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N.Y. Daily News Keeps Printing : Newspaper: Non-union replacements brought in for 1,800 workers. Police arrest 11 as protesters turn violent.

October 26, 1990|From Associated Press

NEW YORK — Daily News managers published and tried to distribute a newspaper today using non-union replacement drivers who ran a gantlet of protesters throwing rocks and bottles.

Police reported at least two minor injuries and at least 11 arrests, including two men held after a delivery truck was firebombed.

Copies of today's paper, reduced to only one edition, were trucked out of the printing plants--about three hours late--under police escort.

It was not immediately known how many were printed and delivered, but the News was absent from some mid-town Manhattan and suburban railroad station newsstands during rush hour. The paper said 920,000 copies were distributed Thursday morning, down from its normal daily circulation of 1.18 million.

Half a dozen pickets marched outside the News headquarters this morning, and union leaders stood outside to direct workers to go home.

The strike called Thursday night at the nation's second-largest metropolitan daily newspaper capped a 10-month dispute over management's efforts to gain more control over money-losing operations.

Police in riot gear escorted delivery trucks out of a Daily News printing plant in Kearny, N.J., through hundreds of strikers and their supporters hurling bricks, stones, eggs and bottles.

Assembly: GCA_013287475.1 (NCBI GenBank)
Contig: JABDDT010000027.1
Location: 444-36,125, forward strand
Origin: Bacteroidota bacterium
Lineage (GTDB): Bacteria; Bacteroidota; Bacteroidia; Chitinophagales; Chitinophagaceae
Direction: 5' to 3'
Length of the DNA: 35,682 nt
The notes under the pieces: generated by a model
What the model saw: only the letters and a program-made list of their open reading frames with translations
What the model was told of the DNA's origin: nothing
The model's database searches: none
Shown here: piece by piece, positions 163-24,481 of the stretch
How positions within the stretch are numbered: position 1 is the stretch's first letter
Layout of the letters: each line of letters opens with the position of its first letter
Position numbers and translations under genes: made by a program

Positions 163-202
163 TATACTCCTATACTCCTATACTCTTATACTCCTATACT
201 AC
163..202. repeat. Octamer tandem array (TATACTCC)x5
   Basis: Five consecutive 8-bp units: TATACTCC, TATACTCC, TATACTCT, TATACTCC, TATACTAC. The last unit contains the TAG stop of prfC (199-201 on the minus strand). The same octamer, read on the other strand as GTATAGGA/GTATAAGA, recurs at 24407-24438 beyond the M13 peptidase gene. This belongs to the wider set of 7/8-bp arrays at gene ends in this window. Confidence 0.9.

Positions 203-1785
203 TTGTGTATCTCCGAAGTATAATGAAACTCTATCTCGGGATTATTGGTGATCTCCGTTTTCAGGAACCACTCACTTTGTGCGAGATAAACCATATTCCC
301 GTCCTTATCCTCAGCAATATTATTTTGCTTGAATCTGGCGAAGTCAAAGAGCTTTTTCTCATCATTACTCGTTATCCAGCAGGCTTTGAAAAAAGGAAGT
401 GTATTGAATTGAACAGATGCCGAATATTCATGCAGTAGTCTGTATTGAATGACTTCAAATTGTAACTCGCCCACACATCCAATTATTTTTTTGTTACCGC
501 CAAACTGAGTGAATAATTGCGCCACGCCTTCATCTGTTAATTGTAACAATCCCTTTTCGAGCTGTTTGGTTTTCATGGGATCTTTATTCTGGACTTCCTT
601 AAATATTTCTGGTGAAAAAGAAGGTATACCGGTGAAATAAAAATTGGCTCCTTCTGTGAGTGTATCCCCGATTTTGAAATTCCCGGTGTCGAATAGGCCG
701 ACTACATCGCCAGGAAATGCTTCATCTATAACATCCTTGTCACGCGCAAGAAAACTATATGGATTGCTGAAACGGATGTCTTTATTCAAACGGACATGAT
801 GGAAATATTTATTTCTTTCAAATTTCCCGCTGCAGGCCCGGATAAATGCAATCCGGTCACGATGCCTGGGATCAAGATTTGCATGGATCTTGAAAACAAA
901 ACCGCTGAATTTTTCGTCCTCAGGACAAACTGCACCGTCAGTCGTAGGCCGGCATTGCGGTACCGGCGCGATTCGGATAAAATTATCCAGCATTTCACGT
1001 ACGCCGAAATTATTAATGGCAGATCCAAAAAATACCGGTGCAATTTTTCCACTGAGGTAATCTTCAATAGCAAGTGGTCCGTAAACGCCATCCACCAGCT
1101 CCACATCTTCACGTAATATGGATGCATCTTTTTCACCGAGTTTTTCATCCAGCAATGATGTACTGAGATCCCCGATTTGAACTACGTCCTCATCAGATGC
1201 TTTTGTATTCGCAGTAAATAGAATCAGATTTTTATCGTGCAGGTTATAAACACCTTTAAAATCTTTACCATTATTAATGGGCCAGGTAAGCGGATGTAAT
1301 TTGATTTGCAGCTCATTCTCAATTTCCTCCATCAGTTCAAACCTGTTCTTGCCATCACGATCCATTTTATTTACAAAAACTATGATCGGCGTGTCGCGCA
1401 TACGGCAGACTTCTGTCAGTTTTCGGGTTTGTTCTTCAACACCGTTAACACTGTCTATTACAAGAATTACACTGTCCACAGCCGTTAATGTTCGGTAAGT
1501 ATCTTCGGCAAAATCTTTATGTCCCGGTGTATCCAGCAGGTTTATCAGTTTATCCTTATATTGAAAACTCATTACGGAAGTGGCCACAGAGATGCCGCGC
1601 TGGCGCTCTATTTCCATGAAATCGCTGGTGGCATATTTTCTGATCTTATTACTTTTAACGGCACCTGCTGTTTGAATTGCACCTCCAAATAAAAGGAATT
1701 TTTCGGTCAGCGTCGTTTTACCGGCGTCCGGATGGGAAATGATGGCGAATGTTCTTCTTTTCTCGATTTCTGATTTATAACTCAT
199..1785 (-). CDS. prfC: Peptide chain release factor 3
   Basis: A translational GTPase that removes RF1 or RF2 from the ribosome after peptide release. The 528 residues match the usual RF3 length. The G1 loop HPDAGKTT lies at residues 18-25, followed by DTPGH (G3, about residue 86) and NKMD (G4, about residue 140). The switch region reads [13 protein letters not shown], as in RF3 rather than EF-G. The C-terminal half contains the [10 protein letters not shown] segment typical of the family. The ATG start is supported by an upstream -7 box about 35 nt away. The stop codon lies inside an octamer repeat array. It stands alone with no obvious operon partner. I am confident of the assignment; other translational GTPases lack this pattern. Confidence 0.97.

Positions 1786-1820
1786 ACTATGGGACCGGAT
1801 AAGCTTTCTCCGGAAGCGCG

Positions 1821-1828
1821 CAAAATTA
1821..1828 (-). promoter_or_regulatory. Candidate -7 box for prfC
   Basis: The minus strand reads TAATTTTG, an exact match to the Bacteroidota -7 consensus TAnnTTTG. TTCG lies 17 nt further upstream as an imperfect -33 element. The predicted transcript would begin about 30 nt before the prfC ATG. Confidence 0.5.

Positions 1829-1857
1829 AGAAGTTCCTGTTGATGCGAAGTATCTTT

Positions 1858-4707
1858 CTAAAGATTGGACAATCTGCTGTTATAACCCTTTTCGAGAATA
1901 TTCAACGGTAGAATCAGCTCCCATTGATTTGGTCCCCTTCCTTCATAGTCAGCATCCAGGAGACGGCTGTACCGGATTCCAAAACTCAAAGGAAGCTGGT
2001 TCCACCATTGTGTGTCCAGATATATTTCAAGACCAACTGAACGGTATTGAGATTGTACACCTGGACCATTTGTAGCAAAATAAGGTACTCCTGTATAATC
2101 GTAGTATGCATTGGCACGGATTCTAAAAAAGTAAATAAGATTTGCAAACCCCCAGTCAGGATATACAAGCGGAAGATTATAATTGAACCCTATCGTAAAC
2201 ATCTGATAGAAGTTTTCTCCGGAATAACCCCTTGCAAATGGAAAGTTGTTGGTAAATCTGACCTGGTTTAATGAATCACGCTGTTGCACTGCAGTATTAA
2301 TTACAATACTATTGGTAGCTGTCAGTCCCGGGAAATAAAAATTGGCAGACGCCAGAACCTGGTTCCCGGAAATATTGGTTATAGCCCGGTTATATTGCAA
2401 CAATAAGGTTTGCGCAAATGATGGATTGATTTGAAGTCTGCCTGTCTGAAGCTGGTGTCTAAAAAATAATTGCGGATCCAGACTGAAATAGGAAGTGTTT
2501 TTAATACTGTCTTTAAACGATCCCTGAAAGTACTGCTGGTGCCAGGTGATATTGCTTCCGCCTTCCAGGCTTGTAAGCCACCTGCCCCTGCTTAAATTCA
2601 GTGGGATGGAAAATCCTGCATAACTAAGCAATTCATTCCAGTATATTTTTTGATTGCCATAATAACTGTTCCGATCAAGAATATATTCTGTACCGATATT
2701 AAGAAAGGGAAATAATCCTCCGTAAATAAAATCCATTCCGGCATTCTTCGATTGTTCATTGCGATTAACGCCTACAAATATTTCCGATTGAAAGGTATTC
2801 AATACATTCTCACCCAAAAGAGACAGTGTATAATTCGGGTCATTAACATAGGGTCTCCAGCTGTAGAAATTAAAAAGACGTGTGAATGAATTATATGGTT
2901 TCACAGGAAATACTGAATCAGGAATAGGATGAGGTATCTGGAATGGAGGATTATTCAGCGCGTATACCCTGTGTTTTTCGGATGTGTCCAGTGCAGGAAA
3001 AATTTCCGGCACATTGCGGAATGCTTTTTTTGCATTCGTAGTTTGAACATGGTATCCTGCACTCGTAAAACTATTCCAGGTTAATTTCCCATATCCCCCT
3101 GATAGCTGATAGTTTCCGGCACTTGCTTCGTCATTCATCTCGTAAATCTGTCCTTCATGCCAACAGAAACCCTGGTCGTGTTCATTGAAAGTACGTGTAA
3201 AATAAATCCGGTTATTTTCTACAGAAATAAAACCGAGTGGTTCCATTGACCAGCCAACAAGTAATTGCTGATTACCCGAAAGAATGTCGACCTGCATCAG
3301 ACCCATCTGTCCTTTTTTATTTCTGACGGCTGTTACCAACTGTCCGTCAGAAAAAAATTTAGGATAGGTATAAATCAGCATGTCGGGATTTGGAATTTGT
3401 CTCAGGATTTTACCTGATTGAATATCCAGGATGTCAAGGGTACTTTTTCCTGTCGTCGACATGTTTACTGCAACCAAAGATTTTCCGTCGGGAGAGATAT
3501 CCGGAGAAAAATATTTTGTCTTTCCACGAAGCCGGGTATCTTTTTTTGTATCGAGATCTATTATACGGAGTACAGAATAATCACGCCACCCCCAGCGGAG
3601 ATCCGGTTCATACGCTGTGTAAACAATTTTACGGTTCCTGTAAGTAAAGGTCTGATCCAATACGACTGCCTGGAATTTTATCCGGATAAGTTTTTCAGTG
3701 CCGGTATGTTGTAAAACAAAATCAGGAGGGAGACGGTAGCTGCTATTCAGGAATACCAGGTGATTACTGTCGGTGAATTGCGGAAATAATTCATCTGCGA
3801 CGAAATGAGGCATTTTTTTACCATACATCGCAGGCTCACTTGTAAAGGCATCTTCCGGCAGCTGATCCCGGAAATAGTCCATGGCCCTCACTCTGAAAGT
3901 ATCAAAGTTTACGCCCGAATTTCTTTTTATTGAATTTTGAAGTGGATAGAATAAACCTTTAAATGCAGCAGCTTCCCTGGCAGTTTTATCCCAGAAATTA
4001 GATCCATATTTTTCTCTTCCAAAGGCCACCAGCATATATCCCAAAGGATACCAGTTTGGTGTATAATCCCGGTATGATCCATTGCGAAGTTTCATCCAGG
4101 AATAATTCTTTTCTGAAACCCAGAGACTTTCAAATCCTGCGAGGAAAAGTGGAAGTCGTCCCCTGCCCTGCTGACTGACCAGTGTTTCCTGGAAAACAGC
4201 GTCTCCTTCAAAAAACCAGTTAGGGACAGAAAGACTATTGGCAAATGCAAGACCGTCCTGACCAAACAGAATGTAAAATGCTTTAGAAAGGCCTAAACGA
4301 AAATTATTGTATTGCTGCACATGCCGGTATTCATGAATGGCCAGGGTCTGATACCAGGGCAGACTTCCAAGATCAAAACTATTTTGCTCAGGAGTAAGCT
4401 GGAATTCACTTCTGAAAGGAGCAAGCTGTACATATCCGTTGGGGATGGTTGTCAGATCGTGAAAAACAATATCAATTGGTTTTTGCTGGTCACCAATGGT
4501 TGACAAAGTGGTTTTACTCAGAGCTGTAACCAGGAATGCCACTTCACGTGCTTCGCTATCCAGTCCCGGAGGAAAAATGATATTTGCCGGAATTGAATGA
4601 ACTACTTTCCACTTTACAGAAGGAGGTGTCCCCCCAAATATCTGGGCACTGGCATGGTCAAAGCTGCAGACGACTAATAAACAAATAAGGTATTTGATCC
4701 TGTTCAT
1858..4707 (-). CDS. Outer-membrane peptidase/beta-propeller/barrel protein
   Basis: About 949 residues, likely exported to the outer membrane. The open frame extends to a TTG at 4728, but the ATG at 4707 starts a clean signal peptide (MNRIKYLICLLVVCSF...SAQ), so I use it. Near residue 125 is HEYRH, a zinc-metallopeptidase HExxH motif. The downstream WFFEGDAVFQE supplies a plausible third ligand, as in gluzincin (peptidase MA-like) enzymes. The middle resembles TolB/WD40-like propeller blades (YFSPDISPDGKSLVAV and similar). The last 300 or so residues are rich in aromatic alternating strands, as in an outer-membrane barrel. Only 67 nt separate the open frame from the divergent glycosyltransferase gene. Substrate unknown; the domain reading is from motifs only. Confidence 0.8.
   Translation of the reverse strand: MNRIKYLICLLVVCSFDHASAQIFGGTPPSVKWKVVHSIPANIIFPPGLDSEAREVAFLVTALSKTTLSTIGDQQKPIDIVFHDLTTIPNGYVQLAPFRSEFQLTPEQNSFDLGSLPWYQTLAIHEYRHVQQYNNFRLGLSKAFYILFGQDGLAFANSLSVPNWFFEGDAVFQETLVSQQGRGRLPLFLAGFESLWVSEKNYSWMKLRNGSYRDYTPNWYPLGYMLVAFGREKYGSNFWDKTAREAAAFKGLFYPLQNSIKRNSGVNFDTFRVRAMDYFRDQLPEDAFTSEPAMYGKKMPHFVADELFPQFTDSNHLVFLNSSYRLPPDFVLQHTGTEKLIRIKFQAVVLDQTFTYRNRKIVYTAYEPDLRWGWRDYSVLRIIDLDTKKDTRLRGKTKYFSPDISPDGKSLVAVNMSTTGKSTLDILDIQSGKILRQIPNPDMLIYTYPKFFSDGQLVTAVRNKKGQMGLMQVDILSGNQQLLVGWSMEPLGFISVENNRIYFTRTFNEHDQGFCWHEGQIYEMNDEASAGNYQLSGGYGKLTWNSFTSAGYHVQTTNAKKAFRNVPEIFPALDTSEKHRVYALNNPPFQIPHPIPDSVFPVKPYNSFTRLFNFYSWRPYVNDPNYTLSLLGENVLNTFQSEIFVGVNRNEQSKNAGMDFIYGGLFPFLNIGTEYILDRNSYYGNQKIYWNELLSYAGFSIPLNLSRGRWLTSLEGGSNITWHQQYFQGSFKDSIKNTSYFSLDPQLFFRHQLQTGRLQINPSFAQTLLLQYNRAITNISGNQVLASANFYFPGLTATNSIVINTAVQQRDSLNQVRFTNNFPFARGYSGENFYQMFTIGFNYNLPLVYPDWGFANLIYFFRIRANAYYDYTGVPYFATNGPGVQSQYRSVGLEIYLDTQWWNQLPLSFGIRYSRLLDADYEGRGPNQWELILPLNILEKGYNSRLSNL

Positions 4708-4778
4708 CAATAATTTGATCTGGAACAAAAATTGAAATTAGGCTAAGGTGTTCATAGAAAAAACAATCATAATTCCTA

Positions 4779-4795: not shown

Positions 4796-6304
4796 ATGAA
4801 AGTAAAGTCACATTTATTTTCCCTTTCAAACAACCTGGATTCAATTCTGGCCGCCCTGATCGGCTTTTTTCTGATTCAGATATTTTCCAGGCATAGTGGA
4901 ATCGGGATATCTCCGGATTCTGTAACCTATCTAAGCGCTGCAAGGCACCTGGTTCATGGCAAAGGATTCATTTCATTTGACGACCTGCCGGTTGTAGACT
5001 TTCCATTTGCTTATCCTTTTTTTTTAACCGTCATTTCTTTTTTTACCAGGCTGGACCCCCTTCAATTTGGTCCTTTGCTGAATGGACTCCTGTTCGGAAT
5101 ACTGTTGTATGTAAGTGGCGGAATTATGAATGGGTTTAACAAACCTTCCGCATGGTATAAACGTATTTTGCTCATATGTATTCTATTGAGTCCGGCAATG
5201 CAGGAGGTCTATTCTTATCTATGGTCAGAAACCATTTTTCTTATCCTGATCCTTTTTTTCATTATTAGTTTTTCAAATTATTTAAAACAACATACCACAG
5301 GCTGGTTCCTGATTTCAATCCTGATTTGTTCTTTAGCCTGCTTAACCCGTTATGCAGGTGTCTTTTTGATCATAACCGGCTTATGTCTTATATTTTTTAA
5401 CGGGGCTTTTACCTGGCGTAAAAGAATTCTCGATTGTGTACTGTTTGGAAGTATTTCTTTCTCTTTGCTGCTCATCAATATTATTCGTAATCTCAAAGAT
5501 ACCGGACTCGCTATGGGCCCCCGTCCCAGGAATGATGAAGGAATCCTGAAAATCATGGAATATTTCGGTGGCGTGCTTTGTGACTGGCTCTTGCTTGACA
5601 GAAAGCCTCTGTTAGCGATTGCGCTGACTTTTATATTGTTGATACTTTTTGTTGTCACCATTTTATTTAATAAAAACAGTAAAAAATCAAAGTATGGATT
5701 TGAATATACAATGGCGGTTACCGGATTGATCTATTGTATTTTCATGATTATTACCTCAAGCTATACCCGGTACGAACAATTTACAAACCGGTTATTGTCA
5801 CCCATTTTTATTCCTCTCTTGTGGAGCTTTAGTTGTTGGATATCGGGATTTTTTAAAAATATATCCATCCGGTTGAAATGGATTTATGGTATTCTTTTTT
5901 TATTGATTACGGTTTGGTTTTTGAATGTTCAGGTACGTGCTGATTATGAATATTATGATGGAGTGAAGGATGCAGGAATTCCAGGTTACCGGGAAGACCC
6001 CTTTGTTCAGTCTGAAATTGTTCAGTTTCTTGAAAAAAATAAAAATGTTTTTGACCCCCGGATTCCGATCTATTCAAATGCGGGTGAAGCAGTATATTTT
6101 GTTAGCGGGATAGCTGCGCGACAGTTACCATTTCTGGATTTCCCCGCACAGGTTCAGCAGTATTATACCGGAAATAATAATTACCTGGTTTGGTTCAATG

One truck was firebombed in neighboring Harrison, N.J., but no injuries were reported. Two men were arrested shortly afterward in Kearny on charges of possession of three Molotov cocktails.

Another man was arrested for allegedly throwing rocks at a truck at the Kearny plant. "He was the only one we could catch," Kearny police Capt. Anthony Gouveia said. "It was ugly out there."

Strikers broke the windows of a News truck in Brooklyn, and the driver was taken to a hospital for treatment of facial injuries, a police spokeswoman said.

She said other strikers pelted a News truck in Manhattan, causing the driver to lose control and hit two parked cars. A security guard inside the truck sustained minor injuries in a scuffle with two strikers.

Six people were arrested, mostly on charges of disorderly conduct, outside the Long Island plant, and two were arrested outside the Brooklyn plant, where a fireworks-style explosive was ignited beneath a truck.

Eight unions with about 1,800 members went on strike, and the Newspaper Guild said its 800 members would honor picket lines, including one at the main News offices in Manhattan.

Management crews produced today's edition. Its lead headline concerned a police crackdown on drug dealing near city schools, but a smaller headline beneath it said "Unions Strike News" and had a picture of a News delivery truck burned after a dispute Thursday that triggered the strike.

Contracts for all 10 of the newspaper's unions ran out in March, and negotiations have stalemated.

John Sloan, Daily News vice president for labor relations, said replacement workers from other Tribune Co. papers in Orlando, Fla., and Chicago were being flown to New York.

New York's other two tabloids planned to increase their press runs today. The New York Post, which normally prints about 625,000 copies, expected a press run of 850,000 to 860,000. New York Newsday was expected to increase its press run from about 250,000 to about 400,000.

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